« ПредишнаНапред »
Nor swells the stretching canvas half so fast,
When the fails gather all the driving blast,
Strain the tough yards, and bow the lofty mast.
The various parts no longer now are known,
One headless formless heap remains alone ;
The feather'd kind avoid the fatal feast,
And leave it deadly to some hungry beast;
With horror feiz'd, his fad companions too,
In haste froin the unbury'd carcase flew;
But fertile Libya still new plagues supplies, And to more horrid monsters turns their eyes. 1365 Deeply the fierce Hæmorrhoïs impreft Her fatal teeth on Tullus' valiant breast, The noble youth :-with virtue's love inspir’d, Her, in her Cato, follow'd and admir'd; Mov'd by his great example, vow'd to share, 1370 With him, each chance of that disastrous war. And as when mighty Rome's spectators meet In the full theatre's capacious seat, At once, by secret pipes and channels fed, Rich tinctures gush from every antique head; 1375 At once ten thousand saffron currents flow, And rain their odours on the croud below : So the warm blood at once from every part Ran purple poison down, and drain'd the fainting heart. Blood falls for tears, and o'er his mournful face 1380 The ruddy drops their tainted passage trace : Where-e'er the liquid juices find a way, There streams of blood, there crimson rivers ftray:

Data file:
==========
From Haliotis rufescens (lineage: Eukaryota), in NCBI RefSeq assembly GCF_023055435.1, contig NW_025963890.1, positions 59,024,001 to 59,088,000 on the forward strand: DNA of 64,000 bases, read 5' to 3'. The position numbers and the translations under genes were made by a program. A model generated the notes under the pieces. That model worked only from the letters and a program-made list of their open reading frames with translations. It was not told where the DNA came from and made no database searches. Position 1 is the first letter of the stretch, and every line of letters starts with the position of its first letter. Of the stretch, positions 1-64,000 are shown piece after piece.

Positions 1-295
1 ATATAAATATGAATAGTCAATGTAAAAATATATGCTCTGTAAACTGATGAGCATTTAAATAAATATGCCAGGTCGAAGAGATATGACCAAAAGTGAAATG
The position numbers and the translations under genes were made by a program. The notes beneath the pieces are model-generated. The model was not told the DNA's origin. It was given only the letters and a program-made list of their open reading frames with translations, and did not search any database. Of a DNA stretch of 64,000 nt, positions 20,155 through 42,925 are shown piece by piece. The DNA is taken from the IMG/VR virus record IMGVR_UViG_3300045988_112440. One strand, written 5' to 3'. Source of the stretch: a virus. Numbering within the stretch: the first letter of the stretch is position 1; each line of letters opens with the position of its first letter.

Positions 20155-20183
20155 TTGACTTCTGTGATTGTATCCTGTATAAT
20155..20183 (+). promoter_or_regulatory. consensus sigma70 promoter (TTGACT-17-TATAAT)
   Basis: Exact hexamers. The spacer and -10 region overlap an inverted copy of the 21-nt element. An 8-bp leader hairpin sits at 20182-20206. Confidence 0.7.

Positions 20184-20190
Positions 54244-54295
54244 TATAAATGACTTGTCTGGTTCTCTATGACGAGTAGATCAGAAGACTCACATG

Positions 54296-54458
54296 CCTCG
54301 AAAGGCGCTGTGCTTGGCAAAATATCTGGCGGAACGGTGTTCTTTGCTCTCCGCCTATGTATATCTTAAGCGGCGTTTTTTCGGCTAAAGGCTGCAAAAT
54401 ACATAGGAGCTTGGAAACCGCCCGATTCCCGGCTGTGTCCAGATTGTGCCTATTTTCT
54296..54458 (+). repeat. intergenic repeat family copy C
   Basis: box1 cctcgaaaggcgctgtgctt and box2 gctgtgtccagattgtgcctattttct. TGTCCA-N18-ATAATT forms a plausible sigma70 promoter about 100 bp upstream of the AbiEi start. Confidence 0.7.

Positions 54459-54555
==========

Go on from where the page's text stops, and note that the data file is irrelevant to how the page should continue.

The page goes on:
His mouth and gushing nostrils pour a flood,
And ev'n the pores ooze out the trickling blood ; 1385
In the red deluge all the parts lie drown'd,
And the whole body seems one bleeding wound.
Lævus, a colder Afpic bit, and straight
His blood forgot to flow, his heart to beat;
Thick shades upon his eye-lids seem'd to creep, 1390
And lock him fast in everlasting sleep :
No sense of pain, no torment did he know,